thinair Boulder, Colorado. elevation 5400 feet.

Wave patterns in animal locomotion

For this collection of observations, I wish I could quickly collect some video fragments to illustrate the point instead of just writing about it, or that I could easily animate some examples. Neither of those are practical at the moment so words alone will have to do.

Snakes are the place to start with this pattern. Snakes move their bodies in a wave like motion which propels them forward along the ground. Alligators (or is it crocodiles -- maybe both) have legs which stick out from the sides of their torso, as opposed to the way mammals have legs underneath their torso. You can see a more subdued wave pattern along the spine of alligators when they move. I think the same is mostly true of how small lizards and geckos move, but they move quickly enough that I can't quite see it with my own eyes. Obviously the legs and feet provide some valuable traction and leverage, but the movement of the torso still exhibits the wave. The same wave is also pretty evident in the way sharks (and other fish) swim. Swimming snakes slither through water much as they do over land -- eels too.

As a kid I was fascinated that dolphins had the same sort of wave, but up and down instead of side to side. I even had a personal kind of classification of the good guys vs bad guys in the animal kingdom based on which way their wave went. Whales and dolphins and sea lions and otters all wave up and down, whereas sharks and eels and barracudas wave side to side. As I try to visualize it now, I'm not entirely convinced that sea lions and otters and walruses wave up and down -- I'll have to look for that next time I'm sitting in front of a nature show on the subject. Thinking of the shape of their hind flippers reinforces the notion, but it's been a long time since I actually looked for it.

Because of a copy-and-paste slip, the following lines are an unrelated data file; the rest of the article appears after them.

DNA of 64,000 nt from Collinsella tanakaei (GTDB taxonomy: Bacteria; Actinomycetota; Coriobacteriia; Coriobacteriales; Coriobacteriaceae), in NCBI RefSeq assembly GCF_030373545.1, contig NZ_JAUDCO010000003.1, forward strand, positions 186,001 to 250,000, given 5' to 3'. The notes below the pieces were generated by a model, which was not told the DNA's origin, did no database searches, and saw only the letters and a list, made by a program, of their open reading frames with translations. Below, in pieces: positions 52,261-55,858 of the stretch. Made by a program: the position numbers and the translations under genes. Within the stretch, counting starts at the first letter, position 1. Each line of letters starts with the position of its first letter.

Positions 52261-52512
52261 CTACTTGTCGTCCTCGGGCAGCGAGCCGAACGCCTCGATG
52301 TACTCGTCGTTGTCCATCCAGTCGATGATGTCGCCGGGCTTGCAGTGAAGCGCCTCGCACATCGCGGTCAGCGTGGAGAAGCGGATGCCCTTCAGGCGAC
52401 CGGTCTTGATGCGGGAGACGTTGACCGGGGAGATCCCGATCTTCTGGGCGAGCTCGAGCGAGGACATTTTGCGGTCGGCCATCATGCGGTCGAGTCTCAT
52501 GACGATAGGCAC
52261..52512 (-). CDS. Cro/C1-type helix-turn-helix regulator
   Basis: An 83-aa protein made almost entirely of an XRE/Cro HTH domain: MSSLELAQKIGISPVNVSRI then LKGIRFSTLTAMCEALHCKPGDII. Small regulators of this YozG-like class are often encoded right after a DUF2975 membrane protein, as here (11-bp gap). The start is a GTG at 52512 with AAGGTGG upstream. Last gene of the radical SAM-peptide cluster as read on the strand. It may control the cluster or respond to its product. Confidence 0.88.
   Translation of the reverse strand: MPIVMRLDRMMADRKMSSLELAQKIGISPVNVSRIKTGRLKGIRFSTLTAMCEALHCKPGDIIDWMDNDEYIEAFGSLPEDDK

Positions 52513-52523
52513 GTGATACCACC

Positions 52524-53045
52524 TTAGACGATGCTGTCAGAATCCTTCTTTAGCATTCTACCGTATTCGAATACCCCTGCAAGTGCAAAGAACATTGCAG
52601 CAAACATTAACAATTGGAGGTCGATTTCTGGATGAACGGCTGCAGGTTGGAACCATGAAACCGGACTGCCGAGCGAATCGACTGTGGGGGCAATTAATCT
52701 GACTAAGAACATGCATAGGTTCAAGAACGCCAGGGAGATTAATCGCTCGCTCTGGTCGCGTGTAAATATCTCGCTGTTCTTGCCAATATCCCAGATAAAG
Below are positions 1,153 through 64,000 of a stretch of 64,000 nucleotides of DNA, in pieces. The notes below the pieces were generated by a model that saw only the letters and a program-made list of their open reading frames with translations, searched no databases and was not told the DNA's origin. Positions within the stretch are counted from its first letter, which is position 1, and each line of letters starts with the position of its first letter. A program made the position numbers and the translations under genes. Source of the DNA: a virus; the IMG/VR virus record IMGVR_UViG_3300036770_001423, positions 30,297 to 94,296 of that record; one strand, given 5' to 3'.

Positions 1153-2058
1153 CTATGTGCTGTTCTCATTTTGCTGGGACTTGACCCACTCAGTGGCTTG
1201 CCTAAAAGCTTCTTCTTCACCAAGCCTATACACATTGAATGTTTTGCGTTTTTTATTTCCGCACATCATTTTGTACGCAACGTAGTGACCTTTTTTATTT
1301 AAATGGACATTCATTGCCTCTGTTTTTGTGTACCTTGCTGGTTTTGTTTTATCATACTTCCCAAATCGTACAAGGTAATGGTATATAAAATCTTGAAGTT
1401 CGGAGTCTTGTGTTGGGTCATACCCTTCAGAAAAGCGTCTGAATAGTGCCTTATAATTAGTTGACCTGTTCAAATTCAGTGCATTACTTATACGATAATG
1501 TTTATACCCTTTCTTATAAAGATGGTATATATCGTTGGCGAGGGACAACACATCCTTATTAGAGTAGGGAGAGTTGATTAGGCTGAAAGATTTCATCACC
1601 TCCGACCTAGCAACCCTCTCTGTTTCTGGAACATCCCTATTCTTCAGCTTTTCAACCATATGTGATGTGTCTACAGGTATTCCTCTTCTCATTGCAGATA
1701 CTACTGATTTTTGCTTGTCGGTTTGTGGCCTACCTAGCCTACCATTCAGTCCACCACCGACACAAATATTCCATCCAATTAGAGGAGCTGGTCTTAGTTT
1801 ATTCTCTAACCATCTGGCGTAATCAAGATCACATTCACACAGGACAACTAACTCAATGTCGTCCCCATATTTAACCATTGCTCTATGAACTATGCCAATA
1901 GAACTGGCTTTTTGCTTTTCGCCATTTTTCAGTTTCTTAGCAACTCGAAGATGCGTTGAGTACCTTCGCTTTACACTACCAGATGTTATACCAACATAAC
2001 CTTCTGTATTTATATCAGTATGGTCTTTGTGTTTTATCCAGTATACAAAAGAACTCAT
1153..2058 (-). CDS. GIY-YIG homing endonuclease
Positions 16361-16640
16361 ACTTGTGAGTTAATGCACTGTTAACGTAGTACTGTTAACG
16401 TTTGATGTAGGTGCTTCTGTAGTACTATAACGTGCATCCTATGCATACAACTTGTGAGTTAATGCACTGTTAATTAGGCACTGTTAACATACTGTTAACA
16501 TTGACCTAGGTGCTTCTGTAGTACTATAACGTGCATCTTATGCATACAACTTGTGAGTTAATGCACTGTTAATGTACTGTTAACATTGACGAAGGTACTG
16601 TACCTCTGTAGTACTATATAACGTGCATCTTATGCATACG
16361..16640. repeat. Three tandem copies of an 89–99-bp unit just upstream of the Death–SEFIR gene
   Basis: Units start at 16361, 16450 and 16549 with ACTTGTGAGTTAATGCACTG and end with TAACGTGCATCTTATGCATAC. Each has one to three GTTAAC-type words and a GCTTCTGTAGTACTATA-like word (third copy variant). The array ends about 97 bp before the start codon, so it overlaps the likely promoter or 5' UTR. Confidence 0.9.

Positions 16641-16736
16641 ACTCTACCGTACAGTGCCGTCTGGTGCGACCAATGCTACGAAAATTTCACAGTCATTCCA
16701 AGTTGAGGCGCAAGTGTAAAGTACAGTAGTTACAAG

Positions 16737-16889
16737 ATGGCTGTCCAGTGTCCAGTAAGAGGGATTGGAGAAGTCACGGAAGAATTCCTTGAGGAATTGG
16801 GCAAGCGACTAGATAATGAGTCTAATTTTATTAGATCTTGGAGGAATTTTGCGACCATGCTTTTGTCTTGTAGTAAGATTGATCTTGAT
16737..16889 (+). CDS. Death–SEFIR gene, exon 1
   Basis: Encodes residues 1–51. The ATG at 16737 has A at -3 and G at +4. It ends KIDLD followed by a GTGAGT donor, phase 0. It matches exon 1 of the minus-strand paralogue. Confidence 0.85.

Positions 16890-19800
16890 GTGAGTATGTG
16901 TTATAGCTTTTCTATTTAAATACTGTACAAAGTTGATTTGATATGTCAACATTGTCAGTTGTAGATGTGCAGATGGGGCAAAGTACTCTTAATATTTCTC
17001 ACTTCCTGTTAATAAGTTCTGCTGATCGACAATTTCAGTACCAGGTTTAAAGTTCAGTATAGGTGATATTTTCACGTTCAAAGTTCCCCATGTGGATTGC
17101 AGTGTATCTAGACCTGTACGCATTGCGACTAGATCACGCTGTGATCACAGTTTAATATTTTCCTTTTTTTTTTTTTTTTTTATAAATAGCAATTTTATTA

Last year while walking our dog, Ellie, I noticed with great surprise that she's got a slight side-to-side wave in her spine when she walks or trots. I can't keep my eyes on her spine long enough to know if it's also the case when she runs, though it seems likely.

A few months ago, Sarah and I rented Winged Migration. I've been meaning to mention it in my blog ever since. I'm interested in the way birds fly and I wish I knew more about migration patterns, so I was naturally fascinated by the film. I was struck by the close-ups of flying geese. Their shoulders move up and down while their heads and tails seem to stay in place. In fact it looks somewhat like watching an accomplished athlete swim the butterfly stroke -- up and down waves.

At park in Toronto, I once noticed that seagulls appear to row through the air. I've tried to see that in other seagulls on other occasions. I can't spot it very consistently. In that park it was quite pronounced.

Segmentation is one of the earliest evolutionary organizations to emerge. This notion is suggested by the many examples spread broadly throughout the animal kingdom. You can see it in earthworms, and in insects. In larger creatures segmentation is most apparent in the spine and rib cage. It's especially apparent in snakes and eels 'cos they're all spine. My casual observations suggest that the more segmentation in the critter, the more apparent the wave in their motion. I think these waves emerge from the segmentation in the anatomy.